San Francisco Chronicle: S.F. Supervisors Move Forward with Green Energy Program
San Francisco will soon move forward with a creative financing program that would help homeowners install solar panels and make energy efficiency upgrades, after the San Francisco Board of Supervisors unanimously approved it Tuesday.
Dubbed GreenFinanceSF and generally known as Property Assessed Clean Energy, or PACE, the program will allow homeowners to borrow money for green energy upgrades and pay it back as a line item on their property tax bills. It faces one more vote at the board before going to the mayor for his signature.
Adoption of the program was four years in the making: San Francisco attempted to move forward with a PACE program in 2010 but backed off when federal banking authorities, worried it would pose a risk to mortgage lenders if homeowners defaulted on the loans, objected. State and local government officials pushed back in recent years, creating a $10 million state reserve to cover defaults and moving forward in recent months with dozens of local PACE programs around the state.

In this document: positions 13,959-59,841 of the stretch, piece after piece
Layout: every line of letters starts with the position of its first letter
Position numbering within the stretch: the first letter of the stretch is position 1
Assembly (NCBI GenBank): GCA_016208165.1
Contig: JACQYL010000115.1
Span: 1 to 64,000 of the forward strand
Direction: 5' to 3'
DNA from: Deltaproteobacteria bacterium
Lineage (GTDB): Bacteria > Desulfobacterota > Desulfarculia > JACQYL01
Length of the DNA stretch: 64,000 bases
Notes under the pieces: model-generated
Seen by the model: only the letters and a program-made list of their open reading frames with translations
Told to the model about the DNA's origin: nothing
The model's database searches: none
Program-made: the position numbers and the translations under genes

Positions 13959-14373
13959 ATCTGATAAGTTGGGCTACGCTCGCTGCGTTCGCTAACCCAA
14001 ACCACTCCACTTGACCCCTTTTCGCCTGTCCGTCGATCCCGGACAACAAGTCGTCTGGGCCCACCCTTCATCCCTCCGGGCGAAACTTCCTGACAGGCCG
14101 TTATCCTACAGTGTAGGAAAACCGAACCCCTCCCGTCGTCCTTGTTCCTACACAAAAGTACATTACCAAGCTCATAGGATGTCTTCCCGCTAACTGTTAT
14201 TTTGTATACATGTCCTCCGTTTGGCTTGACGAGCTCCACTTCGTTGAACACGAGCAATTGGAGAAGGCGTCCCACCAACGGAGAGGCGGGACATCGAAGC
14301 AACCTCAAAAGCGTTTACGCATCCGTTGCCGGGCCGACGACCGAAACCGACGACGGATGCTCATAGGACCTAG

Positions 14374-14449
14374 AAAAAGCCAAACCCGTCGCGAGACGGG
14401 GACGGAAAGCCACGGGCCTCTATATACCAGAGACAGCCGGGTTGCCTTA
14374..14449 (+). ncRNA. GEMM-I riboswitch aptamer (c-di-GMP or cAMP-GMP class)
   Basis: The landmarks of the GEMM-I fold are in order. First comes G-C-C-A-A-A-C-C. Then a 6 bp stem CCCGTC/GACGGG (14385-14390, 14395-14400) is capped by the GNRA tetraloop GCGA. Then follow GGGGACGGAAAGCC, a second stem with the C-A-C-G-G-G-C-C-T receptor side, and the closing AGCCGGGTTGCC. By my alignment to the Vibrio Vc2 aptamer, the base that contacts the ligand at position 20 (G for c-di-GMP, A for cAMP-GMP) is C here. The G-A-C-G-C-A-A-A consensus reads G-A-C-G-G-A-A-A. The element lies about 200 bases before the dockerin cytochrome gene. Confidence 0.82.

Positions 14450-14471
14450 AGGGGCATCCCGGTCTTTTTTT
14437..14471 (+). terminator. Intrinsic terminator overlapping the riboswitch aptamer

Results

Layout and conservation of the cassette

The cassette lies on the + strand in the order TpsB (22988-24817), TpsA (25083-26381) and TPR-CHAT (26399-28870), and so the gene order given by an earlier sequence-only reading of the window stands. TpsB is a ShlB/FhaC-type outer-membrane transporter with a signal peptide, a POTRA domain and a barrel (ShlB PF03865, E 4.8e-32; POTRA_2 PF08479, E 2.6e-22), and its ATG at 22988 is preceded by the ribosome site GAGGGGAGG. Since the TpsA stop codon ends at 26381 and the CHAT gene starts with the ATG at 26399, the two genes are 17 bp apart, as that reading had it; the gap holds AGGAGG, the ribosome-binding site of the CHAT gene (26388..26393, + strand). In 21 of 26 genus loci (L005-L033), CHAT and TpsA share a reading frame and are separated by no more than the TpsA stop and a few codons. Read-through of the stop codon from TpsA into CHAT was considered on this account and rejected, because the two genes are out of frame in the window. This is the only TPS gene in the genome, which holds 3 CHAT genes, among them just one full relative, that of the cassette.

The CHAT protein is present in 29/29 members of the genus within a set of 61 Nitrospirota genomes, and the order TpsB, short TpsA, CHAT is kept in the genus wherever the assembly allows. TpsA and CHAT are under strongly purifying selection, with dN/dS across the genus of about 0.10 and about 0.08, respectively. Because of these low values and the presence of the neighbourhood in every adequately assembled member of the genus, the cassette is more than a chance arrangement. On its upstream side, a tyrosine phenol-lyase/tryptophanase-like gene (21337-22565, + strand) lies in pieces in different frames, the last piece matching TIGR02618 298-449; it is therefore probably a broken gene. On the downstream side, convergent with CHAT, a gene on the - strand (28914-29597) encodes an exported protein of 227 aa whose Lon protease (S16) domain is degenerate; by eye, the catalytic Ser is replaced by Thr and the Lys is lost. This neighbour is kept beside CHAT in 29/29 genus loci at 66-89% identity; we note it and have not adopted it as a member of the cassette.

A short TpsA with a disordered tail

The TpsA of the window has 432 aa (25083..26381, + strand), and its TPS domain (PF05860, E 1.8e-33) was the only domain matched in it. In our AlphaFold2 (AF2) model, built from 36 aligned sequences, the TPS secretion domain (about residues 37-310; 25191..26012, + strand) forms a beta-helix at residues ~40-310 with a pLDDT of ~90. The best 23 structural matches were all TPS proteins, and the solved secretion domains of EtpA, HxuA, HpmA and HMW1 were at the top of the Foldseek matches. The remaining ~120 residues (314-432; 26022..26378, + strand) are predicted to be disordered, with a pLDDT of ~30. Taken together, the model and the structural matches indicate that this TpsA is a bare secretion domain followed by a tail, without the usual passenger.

San Francisco’s program is expected to kick off in the spring; it is the last Bay Area county to adopt a PACE program.
Supervisor Mark Farrell, who sponsored the San Francisco legislation with Mayor Ed Lee, said the expansion of PACE programs could “trigger a market transformation as profound as the information and technological revolution that we are currently experiencing,” as well as help San Franciscans save money on their energy bills and create local construction jobs.
“Other parts of the state that have adopted PACE programs, most notably Sonoma and Riverside counties, have seen the positive impacts that have followed for their residents and their local economy,” Farrell said.
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